Devising a Conflict Resolution Plan

An HOA is meant to cultivate and maintain a sense of community among neighbors, providing them with the necessary framework for preserving common areas while preserving property values. What this means is that, within an HOA, residents are often called upon to vote on various motions, which could have a wide-ranging impact on the life of those who live in the community. Naturally, moments of tension and disagreement can arise—and in these cases, it falls to the HOA to seek a peaceful conflict resolution.

How does a homeowner’s association seek to enact a peaceful conflict resolution? The first step is to check into the ways in which your state laws dictate HOA conflict resolutions. This is something to address with your HOA management company.

Generally speaking, though, HOAs can and should put into place formal conflict resolution policies. There are four components that most any conflict resolution policy should have:

  • There needs to be some action taken that triggers the conflict resolution process. Usually, this means one party must request for conflict resolution, probably in writing.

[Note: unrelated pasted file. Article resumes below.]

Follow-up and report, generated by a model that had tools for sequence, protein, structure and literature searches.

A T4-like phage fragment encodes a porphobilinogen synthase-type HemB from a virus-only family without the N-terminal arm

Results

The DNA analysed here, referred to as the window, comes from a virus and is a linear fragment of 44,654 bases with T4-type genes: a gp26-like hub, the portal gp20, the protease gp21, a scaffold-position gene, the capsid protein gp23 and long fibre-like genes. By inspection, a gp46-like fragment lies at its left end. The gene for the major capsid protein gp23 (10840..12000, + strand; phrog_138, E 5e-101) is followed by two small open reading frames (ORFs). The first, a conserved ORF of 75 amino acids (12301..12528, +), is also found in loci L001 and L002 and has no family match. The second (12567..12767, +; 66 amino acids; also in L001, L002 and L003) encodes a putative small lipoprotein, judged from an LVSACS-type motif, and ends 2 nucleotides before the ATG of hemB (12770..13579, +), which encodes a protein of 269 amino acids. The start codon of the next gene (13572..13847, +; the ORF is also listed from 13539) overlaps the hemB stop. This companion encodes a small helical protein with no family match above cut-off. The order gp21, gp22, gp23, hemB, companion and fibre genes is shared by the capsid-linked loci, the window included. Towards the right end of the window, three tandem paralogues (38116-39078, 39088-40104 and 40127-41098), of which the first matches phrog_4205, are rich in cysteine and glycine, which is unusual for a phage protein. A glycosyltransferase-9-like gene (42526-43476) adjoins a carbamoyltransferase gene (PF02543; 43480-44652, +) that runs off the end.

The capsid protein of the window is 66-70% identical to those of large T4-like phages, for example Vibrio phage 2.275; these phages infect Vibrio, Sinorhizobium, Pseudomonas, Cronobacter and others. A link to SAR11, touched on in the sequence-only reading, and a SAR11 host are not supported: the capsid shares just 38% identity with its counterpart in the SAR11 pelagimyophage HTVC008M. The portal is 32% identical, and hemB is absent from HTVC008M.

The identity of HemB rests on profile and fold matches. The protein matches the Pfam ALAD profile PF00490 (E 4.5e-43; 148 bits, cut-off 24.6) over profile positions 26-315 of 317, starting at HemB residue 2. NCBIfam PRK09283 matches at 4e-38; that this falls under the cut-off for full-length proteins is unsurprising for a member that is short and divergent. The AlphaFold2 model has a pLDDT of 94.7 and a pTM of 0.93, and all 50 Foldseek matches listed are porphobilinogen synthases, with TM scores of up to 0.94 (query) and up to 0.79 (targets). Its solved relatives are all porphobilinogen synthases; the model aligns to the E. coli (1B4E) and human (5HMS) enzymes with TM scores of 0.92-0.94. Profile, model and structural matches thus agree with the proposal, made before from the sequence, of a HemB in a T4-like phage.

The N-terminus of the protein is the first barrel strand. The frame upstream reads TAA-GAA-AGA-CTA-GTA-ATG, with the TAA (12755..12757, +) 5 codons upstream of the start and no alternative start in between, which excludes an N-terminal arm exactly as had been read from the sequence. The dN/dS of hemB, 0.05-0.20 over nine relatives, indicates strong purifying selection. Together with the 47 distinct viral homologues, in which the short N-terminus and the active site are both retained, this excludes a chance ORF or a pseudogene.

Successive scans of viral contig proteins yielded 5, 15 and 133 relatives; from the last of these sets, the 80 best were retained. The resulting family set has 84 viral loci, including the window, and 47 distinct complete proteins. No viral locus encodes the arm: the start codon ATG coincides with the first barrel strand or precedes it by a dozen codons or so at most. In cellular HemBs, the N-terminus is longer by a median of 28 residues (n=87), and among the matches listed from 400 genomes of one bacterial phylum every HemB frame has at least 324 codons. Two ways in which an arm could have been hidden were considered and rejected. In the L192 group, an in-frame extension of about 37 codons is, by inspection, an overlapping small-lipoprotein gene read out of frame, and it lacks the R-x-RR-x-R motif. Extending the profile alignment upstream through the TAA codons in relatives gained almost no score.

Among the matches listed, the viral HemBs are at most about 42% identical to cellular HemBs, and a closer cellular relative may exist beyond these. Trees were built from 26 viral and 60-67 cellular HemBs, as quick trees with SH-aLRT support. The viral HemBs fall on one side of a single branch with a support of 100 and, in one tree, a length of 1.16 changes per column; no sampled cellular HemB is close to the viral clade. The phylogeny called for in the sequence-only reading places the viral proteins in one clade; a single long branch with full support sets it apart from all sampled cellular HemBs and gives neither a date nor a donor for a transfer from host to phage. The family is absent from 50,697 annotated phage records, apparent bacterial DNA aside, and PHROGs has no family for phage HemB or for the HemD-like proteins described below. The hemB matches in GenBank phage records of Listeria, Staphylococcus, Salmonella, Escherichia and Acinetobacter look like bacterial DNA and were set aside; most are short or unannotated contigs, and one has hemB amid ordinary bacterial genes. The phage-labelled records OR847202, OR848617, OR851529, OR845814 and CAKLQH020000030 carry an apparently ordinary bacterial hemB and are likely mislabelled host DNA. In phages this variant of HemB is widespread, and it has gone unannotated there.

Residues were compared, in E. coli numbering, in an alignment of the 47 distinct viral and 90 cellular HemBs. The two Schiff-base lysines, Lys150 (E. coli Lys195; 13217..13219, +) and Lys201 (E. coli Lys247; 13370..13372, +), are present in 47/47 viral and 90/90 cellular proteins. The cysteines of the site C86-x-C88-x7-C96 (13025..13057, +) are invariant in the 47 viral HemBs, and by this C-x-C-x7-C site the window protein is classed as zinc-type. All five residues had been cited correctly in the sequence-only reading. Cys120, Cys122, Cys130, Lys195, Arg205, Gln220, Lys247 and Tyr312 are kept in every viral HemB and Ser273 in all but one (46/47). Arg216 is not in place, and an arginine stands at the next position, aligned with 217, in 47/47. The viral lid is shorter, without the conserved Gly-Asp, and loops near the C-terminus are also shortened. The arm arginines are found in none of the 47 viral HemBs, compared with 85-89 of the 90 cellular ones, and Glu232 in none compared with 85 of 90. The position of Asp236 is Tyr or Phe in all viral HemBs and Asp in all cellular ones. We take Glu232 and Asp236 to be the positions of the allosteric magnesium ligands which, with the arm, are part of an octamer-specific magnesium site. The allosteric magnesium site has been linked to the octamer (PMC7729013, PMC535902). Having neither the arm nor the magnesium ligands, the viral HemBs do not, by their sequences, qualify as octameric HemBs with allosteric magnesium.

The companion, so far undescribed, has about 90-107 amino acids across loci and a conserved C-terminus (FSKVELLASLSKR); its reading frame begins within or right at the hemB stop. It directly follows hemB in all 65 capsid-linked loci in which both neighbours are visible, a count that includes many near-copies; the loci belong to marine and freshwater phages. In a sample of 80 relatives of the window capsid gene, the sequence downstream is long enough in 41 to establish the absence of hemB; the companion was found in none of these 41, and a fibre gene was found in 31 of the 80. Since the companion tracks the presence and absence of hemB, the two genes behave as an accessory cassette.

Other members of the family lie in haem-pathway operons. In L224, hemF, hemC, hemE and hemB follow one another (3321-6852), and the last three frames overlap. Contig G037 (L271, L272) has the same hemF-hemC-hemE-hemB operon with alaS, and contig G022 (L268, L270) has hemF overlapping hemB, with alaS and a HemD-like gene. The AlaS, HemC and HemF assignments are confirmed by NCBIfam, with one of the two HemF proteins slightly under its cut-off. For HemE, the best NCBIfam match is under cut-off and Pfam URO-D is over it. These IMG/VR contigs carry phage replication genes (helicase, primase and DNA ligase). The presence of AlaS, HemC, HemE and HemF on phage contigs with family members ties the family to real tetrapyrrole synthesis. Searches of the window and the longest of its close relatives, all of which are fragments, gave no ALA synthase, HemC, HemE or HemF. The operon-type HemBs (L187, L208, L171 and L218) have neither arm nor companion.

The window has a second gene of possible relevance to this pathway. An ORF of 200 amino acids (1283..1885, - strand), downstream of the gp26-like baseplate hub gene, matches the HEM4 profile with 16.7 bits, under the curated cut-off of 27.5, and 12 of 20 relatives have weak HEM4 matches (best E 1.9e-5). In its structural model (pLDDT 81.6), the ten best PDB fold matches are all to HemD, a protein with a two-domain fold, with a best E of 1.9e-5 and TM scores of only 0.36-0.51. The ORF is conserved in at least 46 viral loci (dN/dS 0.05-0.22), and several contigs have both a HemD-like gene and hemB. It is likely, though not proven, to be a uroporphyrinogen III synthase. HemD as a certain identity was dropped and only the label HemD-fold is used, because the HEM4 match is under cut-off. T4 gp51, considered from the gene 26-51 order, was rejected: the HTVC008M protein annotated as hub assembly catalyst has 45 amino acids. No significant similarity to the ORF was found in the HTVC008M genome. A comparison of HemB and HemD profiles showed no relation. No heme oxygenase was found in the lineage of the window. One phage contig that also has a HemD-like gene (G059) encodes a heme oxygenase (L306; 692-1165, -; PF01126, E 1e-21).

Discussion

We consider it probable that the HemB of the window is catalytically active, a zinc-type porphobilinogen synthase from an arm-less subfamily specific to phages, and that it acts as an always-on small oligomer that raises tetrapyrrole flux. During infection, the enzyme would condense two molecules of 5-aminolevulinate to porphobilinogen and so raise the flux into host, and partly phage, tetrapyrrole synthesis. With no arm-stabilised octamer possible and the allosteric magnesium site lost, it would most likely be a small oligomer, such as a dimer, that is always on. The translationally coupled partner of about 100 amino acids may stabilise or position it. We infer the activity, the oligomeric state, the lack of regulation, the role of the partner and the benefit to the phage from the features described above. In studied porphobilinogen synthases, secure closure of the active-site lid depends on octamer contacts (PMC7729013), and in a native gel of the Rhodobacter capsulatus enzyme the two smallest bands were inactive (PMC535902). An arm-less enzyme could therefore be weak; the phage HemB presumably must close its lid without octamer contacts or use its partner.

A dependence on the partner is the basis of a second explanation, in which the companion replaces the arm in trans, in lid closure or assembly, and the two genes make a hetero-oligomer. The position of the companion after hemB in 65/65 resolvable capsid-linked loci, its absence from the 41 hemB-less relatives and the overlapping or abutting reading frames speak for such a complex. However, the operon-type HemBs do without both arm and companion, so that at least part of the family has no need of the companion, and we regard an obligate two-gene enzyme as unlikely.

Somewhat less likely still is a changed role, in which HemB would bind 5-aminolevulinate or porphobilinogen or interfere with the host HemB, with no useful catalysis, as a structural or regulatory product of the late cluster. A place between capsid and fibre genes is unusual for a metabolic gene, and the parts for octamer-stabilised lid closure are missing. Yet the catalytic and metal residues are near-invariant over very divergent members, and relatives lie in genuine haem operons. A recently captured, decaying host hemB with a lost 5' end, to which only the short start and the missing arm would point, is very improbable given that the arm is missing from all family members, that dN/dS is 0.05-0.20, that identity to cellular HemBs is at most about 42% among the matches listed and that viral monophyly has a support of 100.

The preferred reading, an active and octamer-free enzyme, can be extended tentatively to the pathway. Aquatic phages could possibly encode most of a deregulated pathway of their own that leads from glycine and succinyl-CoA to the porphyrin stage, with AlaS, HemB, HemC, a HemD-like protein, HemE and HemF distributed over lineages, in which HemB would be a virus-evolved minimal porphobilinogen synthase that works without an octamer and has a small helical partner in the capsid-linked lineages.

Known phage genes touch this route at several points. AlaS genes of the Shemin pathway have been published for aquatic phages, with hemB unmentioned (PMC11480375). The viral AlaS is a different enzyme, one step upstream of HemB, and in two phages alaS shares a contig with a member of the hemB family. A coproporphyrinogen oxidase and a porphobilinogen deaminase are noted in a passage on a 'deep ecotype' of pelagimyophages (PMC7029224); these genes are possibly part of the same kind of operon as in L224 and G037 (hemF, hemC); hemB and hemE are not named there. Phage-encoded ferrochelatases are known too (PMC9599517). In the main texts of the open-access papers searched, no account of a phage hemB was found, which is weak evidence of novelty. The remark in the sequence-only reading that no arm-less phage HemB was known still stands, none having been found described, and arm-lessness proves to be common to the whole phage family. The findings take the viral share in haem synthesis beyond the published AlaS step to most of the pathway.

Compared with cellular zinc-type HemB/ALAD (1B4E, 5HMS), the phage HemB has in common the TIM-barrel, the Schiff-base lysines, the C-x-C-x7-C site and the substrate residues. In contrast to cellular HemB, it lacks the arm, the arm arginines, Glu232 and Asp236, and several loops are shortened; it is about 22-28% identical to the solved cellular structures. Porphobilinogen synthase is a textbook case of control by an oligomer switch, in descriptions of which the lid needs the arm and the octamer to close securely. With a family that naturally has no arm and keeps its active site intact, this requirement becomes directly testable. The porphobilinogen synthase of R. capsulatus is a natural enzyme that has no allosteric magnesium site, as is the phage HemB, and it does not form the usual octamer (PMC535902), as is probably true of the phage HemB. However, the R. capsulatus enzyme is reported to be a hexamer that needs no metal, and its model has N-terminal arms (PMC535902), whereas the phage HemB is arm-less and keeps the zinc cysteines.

• After this written request is submitted, a meeting should be set up, at an agreed-upon time and location. At this meeting, the two parties should be given ample opportunity to tell their sides of the story and to specifically lay out any resolutions they are hoping for.
  • Hopefully, an agreement can be reached during this meeting. If so, get it in writing and have both parties sign off on it.
  • If an agreement is not reached, it is necessary to bring in an impartial third party, who will present a resolution, put it into writing, and ask both parties to sign it.

Conflict resolution is not the favorite topic of any HOA board member or manager, but sometimes it is necessary—and as such, associations benefit from devising a conflict resolution plan for your community!

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Bryan Kuester

Bryan Kuester

Bryan is the CEO of Kuester Management Group. He has over 15 years of managing community associations throughout North and South Carolina.

His specialties include Community Association Management - maintenance, budgeting for operational and reserve funding, long-range planning, covenant enforcement, amenity management, onsite management, large scale management.